Next we headed over to Knoebel's mining museum. Sitting outside to the right was a gigantic 10 ton chunk of coal. Behind that was an old yellow coal train that used to bring miners down into mines. It was a little eerie to look at. The cab where the miners sat, which was about four feet high, was completely enclosed except for small square windows on the sides. Miners evidently would sit hunched over on wooden planks inside the cab. The windows cut into the front of the cab looked strangely like a smiley-face. To the left of the museum was a display where people could pan for "gold." A long wooden trough with flowing water served as the stream. Guests could purchase a little square box with a screen on the bottom, filled with mud chips. By washing it in the stream, their "gems" would be revealed. The museum itself did a good job of capturing the working conditions of Pennsylvania's coal miners. There were dioramas, which vividly convey the danger and claustrophobia. There was also a video playing about coal mining.

Behind the museum, a new section was added for Knoebel's 75th anniversary. Inside were displays of old arcade machines and dozens of photos depicting the history of the park. What I found most impressive were two displays that were suspended high up toward the ceiling, on opposite walls. One was a section of a Big Eli ferris wheel, with two of the ride's cabs. The other was an old ride I remember from my days at Mountain Park. It was basically a large square metal cage hanging from two counterweighted arms. One or more people would stand inside the cage and begin rocking it back and forth like a giant swing. Because of how the arms were attached, the cage would always remain upright. Eventually if you had enough strength and endurance, you could get it to make a 360-degree arc over and over. Since there were no restraints inside, lots of riders would get banged around, and eventually the ride was deemed too much of a liability.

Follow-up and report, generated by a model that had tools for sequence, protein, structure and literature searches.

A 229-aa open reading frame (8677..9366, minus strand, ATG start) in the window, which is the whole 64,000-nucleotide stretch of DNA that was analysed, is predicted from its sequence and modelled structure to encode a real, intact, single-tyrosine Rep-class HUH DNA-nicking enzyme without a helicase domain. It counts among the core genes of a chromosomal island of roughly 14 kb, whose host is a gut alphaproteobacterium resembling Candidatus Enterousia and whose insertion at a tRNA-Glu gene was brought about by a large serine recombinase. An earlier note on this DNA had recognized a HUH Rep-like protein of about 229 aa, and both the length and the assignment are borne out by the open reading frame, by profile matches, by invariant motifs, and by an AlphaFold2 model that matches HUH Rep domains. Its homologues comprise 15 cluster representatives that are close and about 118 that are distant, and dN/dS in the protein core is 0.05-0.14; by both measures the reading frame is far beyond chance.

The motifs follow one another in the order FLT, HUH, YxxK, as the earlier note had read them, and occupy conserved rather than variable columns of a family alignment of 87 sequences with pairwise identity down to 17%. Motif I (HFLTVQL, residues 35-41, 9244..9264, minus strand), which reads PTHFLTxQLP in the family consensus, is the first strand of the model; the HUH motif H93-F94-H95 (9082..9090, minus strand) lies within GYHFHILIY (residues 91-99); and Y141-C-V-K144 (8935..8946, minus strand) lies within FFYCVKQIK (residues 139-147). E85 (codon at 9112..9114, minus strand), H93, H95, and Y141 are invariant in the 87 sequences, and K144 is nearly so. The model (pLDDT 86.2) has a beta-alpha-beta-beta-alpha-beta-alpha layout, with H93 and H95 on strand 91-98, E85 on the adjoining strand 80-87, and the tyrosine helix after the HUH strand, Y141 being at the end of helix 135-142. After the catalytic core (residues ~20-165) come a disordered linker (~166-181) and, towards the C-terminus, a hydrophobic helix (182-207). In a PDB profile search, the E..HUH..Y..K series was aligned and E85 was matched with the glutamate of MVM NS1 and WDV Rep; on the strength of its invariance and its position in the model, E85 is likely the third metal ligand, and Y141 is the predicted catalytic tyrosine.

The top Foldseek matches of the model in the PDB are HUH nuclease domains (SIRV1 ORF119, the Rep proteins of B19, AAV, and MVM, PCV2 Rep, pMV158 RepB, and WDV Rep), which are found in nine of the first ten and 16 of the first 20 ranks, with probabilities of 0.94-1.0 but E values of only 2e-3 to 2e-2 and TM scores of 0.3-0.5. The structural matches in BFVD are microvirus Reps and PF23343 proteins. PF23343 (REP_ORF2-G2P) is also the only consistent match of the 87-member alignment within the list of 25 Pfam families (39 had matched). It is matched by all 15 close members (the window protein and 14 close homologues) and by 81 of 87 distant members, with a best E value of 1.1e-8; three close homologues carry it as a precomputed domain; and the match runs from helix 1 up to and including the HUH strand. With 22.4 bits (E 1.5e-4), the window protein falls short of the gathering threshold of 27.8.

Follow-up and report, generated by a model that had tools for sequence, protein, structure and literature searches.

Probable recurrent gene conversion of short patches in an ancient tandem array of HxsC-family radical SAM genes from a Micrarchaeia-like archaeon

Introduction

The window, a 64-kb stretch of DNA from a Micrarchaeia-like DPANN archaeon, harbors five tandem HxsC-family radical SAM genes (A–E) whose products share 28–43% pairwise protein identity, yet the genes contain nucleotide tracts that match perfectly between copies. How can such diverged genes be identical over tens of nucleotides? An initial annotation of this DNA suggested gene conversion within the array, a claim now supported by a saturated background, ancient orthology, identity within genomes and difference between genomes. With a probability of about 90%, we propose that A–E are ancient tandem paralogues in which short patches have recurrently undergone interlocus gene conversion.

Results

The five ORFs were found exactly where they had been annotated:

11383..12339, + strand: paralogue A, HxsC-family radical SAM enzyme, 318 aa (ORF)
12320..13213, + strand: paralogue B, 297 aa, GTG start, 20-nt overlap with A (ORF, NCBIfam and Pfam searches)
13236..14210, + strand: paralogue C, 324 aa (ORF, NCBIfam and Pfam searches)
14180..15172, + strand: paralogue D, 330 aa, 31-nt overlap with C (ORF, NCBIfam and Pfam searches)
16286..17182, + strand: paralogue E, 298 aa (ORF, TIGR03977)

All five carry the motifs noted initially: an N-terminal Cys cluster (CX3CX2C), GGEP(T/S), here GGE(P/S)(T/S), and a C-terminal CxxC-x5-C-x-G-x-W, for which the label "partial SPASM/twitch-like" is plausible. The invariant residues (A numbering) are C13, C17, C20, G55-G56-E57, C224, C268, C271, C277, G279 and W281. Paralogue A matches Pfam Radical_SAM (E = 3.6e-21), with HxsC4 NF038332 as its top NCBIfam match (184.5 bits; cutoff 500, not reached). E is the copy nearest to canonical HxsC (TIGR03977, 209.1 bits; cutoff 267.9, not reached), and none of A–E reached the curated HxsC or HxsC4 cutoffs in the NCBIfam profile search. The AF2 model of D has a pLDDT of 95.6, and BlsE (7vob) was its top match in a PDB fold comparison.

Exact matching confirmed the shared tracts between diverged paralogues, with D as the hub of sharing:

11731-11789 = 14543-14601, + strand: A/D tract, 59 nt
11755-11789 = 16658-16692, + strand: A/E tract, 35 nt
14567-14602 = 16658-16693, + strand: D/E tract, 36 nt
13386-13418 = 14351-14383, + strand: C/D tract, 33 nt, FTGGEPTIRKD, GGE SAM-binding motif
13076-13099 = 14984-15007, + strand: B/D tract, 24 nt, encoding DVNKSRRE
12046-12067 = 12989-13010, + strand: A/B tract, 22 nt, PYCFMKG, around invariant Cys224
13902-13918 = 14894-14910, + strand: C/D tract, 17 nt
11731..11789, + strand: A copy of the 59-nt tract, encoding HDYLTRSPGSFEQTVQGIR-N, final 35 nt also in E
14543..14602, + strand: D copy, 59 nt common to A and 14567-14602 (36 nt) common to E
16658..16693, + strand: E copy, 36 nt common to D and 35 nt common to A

As we passed by many of the game booths, Karen noticed that all of the signs in the park were done in bas relief. For the Derby Race, a three-dimensional horse and ride protruded from the sign. For the Whirlwind coaster, the track jumped out of the sign. Most impressive was the Twister sign above the ride's entrance: two giant hands were grabbing hold of a trainload of riders and the track and twisting it.

I had been hearing for years how good Cesari's Pizza was, but had never tried it. So we stopped there to eat. There were long lines, but they moved quickly (as all lines at Knoebel's did). The pizza lived up to expectations and was quite tasty. We then walked around some more, stopping near the Phoenix to listen to one of Knoebel's six (!) band organs. It was a large Wurlitzer and it sounded great.

Since the Skyway was an extra charge whether or not we had a hand stamp, we decided to take a ride. It was placed in an unusual spot, right at the front of the park and across the street from a mountain. Once seated, we were immediately lifted up over Route 487. For some reason, that was a really unnerving experience, having traffic zooming past below me. The ride appeared to be patterned after the Sky Ride at Lake Compounce. It had the same style chairs (although these were much more colorful). And it did pretty much the same thing. After we had crossed over the highway, the ride took us steeply up the side of the mountain. Below us was a crisscrossing path made of timbers and crushed stone that followed the entire length of the ride. It looked as if they were still working on it. The large iron posts that held up the cable weren't set into the ground vertically. They were set perpendicular to the slope of the mountainside. They looked really odd, as if they were about to fall over. The ride was very peaceful. At the top of the mountain we got a glimpse of another mountain range in the distance before turning and heading back down.